One possible model to contain healthcare costs
The Japanese model also makes use of a fee-for-service model, however, unlike South Africa, it has been able to effectively contain costs and volume in the private health sector. Japan's cost containment is attributed to having a nationally uniform fee schedule, audits of medical records, state intervention when drug prices are too high and reimbursement prices being lowered if there is an increase in volume of services, for example, the tariff for MRI was lowered by 30% when there was an increase in volume in 2002.16 In Japan, the ban on extra billing is strongly advocated. The aim of this ban is to prevent the formation of a ‘two-tiered healthcare system’. A two-tiered system means that there is a basic healthcare system financed by the government, providing medically necessary but quite basic healthcare services. A secondary tier of care exists for those with access to more funds who can purchase additional healthcare that is not covered by the publicly financed system or that permits better quality or faster access. The ban is meant to prevent inequities among the Japanese people in accessing non-covered treatment. Furthermore, the purpose of the regulation is to ensure patient safety and to prevent fraud-related to non-covered treatments that are not supervised by the government. There are thus solidarity arguments for preventing extra billing and the political role of government in shaping regulation, including oversight of the fee schedule, is central.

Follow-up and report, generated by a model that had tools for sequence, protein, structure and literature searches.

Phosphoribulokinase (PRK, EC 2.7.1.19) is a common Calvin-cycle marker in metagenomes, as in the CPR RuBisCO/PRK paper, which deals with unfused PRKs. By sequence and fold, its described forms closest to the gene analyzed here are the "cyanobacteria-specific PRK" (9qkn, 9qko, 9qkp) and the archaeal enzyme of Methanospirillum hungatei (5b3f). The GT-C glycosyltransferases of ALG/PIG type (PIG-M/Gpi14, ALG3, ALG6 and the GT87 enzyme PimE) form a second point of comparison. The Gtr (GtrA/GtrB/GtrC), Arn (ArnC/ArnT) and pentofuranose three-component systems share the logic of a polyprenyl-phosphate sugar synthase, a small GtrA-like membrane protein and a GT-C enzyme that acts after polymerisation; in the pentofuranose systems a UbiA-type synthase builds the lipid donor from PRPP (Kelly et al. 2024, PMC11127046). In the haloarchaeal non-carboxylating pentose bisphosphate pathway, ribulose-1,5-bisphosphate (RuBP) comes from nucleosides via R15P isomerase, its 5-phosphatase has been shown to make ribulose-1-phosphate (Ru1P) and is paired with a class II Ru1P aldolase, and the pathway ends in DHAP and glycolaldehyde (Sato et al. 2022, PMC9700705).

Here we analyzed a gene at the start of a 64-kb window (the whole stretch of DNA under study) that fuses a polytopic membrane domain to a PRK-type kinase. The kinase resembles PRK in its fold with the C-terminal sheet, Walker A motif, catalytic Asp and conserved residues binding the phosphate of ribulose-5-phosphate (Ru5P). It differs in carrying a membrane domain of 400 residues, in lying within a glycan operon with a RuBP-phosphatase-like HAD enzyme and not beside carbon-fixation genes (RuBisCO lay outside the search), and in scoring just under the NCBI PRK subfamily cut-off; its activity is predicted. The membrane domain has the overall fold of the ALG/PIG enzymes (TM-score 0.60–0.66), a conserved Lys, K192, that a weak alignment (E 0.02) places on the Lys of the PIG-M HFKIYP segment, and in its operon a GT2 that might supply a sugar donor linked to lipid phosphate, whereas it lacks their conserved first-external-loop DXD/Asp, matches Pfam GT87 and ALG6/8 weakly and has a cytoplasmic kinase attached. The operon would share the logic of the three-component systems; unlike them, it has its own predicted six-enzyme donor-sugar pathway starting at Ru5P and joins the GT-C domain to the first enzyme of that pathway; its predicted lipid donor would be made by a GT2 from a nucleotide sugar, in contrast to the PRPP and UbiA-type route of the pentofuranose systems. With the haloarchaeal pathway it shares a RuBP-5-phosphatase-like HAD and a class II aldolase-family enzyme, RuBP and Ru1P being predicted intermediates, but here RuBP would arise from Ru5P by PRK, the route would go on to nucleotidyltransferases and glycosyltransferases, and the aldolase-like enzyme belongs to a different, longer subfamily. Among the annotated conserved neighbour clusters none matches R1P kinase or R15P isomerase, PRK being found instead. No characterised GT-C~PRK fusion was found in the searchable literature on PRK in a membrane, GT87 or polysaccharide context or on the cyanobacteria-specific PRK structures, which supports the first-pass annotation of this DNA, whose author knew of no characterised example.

Together, the high costs and volume of services points to the inefficient use of financial resources in South Africa. As the country moves towards implementing universal health coverage, it needs to ensure adequate financing and risk pooling, and financial regulation of the healthcare system needs to be tightened. The Health Professions Council of South Africa is itself marked by irregular and corrupt expenditure, and is considered to be a dysfunctional body that is able to regulate neither prices nor professionals effectively. This body should be strengthened, its role is critical in curbing unethical behaviour linked to high costs and volume. The Council for Medical schemes also has a crucial role to play in this. Extra billing should be disallowed and a micromanaged transparent fee schedule enacted between government and private providers is urgently required. Such political involvement is also necessary for controlling the volume of services delivered.
Financial assistance towards this research is hereby acknowledged; opinions expressed and conclusions arrived at are those of the authors.
Twitter Follow Shakira Choonara at @ChoonaraShakira
Handling Editor Seye Abimbola
Contributors SC completed the first draft of the submitted commentary with input and guidance from JE.
Funding SC and JE are funded by the National Research Foundation South Africa: National Research Foundation Freestanding Doctoral; South African Research Chairs Initiative).
Competing interests None declared.
Provenance and peer review Not commissioned; externally peer reviewed.
Data sharing statement Only clips from newspaper articles have been used in the commentary, these have been referenced accordingly.